The effect of rapid growth in the Hockessin and Pleasant Hill areas in northern Delaware has caused concern about possible declines in ground-water recharge to the underlying Cockeysville Formation. The Cockeysville is a major source of ground water (aquifer) in the Hockessin area from which about 1.5 million gallons of water per day is withdrawn for public water supply, even though it receives recharge over a relatively small area of 1.6 square miles. The Cockeysville in the Pleasant Hill area is currently used as a source at water supply for individual domestic users and one school. Results of ground-water exploration in the Pleasant Hill area suggest that the Cockeysville is capable of yielding several hundreds of gallons per minute to individual wells for water supply. A two-year investigation was undertaken to map the extent of the Cockeysville Formation and address questions of long-term ground-water yields. the sources of recharge, and the effects of additional development on ground-water supplies. Results of various field studies were integrated to determine the basic geologic framework and those elements that particularly affect ground-water supply.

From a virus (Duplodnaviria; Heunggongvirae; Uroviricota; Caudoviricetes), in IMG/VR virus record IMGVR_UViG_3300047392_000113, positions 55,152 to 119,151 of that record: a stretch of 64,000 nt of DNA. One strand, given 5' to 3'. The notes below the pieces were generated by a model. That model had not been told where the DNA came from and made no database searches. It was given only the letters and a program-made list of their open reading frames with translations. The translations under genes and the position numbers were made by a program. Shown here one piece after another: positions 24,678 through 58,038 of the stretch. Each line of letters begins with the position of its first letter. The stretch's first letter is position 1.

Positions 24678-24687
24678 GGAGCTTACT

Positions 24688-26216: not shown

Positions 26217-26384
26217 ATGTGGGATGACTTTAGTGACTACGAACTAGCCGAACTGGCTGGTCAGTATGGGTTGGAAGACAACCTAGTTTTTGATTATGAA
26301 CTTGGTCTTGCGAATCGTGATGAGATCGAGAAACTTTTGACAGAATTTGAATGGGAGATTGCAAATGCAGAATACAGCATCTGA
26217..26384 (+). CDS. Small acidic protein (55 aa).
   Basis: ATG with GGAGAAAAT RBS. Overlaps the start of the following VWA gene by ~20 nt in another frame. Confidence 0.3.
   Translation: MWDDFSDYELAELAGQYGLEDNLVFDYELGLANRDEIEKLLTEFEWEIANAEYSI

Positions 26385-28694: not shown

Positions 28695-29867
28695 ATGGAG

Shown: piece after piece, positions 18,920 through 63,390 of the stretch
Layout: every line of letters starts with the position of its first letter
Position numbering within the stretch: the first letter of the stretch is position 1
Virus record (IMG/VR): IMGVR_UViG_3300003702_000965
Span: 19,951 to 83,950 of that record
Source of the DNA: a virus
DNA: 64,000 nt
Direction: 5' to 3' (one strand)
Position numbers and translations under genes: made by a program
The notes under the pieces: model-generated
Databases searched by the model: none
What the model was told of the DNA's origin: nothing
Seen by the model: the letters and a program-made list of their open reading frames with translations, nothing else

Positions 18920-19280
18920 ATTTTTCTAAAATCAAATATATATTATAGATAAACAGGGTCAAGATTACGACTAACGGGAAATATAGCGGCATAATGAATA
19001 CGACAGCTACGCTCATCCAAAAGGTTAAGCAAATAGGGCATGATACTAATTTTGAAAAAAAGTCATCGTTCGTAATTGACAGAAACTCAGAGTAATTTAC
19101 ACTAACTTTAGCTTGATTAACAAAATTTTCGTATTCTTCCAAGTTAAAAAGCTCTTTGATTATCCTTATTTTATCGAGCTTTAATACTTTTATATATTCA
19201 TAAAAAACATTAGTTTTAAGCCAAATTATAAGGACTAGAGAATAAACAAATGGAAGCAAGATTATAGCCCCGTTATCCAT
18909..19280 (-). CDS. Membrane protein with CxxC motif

Piedmont Rock Units

The Piedmont occurs in the hilly northernmost part of the state and is composed of crystalline metamorphic and igneous rocks. This chart summarizes the age and distribution of the geologic units that are recognized in the Delaware Piedmont by the Delaware Geological Survey.

What are GeoAdventures?

The Wilmington Western Railroad follows the Red Clay Valley through the Delaware Piedmont cutting through many of the Piedmont rock units.